Last week just over half of us voted to leave the EU. The Leave campaign promised us massive savings, £350m a week no less (well actually, less, they admitted the morning of the result), but did not speak of the costs.
Not costs of the nosediving stock market, the torpedoed national credit rating, the plummeting investment or sinking trade figures. I’m talking about the cost of government producing laws and guiding the public how to follow them.
Getting legislation to laymen
The government, once it legislates, does not then just say “well we’ve passed a law, you people should read it and know what to do”. The various departments (HMRC, the Home Office etc) must produce guidance on how those affected need to follow the law and carry out its requirements. And that’s where I and others like me come in.
I’m a freelancer who turns laws into guidance the public understands – but there aren’t enough of people like me or civil servants to update the content in light of Brexit. This work will have to be done in stages:
- review all laws to see which will need to be updated
- review all guidance, categorising it as:
- not needing an update
- update without a change in the law
- update with a change in the law
- debate and update these laws in parliament
- update the guidance that needed a change in the law
That’s a lot of work, but how much are we looking at?
Review all EU-related laws
According to Legislation.gov.uk, there are 12,272 laws related to “European”. This may not capture all laws and some may be superseded, some may not be directly related to the EU, but let’s assume that this is the right figure.
These laws must be reviewed within the 2 years notice period we give the EU telling it that we’re out (formally know as Article 50), so as to be ready for exit day. We haven’t submitted Article 50 as of time of writing, and the civil service can’t start the work till this is submitted.
So that’s 12,272 laws that will need to be examined. In 2 years.
This is just for existing laws of course, and ignores any amendments, and I’ve not even considered all the new laws we’ll need to create just to leave. But in theory this review shouldn’t cost us any more as this would be included in the MPs’ salaries, barring expenses for many late nights.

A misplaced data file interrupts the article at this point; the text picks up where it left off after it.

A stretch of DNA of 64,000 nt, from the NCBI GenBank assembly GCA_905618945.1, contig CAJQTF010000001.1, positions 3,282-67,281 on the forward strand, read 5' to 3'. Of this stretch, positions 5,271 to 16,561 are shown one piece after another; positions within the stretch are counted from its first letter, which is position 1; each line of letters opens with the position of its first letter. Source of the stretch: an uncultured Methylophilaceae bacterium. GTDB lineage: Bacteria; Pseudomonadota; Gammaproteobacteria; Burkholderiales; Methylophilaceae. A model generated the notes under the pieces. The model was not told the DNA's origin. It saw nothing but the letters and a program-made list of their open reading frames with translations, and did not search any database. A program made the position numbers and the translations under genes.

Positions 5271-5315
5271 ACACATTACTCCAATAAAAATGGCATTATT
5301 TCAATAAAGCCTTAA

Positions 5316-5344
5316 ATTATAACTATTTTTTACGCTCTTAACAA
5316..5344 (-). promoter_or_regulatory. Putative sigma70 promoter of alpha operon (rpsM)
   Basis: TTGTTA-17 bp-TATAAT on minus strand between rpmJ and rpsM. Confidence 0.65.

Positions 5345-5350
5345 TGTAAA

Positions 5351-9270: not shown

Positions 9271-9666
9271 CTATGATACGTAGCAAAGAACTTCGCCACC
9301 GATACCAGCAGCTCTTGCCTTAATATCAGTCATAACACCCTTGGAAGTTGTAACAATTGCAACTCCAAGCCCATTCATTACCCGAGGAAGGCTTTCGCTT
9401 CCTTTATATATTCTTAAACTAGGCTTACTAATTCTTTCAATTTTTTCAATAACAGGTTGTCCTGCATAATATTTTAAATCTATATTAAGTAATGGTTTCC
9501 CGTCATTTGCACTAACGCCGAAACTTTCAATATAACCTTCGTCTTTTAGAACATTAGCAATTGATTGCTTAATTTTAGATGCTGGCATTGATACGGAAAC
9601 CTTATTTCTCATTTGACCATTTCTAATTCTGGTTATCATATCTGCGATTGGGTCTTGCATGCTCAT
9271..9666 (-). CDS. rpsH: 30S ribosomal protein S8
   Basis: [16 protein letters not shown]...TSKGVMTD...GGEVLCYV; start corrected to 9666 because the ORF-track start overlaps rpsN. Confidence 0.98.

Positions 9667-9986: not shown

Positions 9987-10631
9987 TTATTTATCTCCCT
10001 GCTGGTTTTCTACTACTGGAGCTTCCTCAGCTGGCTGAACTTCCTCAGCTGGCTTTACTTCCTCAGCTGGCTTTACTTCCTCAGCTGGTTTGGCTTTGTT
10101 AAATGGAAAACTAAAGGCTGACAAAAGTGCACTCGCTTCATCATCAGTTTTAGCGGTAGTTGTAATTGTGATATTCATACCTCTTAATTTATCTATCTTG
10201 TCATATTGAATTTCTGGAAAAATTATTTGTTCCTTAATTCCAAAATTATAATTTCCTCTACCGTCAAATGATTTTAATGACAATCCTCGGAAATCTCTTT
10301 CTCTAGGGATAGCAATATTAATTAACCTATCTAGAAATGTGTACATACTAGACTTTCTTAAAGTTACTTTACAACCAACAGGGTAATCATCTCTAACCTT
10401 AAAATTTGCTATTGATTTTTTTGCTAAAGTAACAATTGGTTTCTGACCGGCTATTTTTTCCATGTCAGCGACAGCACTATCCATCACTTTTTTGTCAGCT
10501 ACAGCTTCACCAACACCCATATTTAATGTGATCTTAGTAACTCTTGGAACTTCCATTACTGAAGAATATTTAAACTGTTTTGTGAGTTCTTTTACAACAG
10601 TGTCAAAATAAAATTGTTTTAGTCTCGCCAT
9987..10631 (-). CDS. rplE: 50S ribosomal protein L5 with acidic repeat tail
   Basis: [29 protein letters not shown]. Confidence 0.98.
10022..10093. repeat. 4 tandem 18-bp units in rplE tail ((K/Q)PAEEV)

Department of Brexit?
MPs don’t draft laws alone, they work with civil servants. So if MPs have 12,300 laws to review, it’s the civil service that will do the work of examining and setting out the initial proposals to ministers to set to the House. Then the civil service will need to update the guidance to inform the public.
Perhaps a ‘Department of Brexit’ will be created to do this, or else the departments will create their own Brexit teams.
Yet the civil service is already running at high capacity. Even if some work can be ditched because it’s reviewing or enacting EU-related legislation that will no longer be needed, there simply isn’t enough staff to do this new, urgent mountain of work.
Update the guidance
There are around 12,000 EU-related publications on GOV.UK, the site where pan-UK (eg passports) and England-only guidance to the law is published. Scotland, Wales and Northern Ireland each have their own sites. Each page takes time to review and write, based on experience let’s say each page requires 2.5 working days.
In some cases it’s a simple 2 minute read through and no change will be needed. Other guidance, like farm grants, can take several weeks and involve several civil servants, the same ones doing all the reviewing for parliament. So 2.5 days seem fair.
To outsiders this may seem bureaucratic but the law is complex, often badly written, and subject to interpretation that requires a lot of input. Content is written, subbed, approved by other civil servants and amended as needed. The teams I work with go as quickly as possible but there are limits.
How long will it take?
Each pages requires half a person-week of work, or 20 pages per week for a team of 10. Again, this is reasonable, again this sounds crazy to an outsider. So let’s bring in a team of 20, that will increase output to 40 pages per week.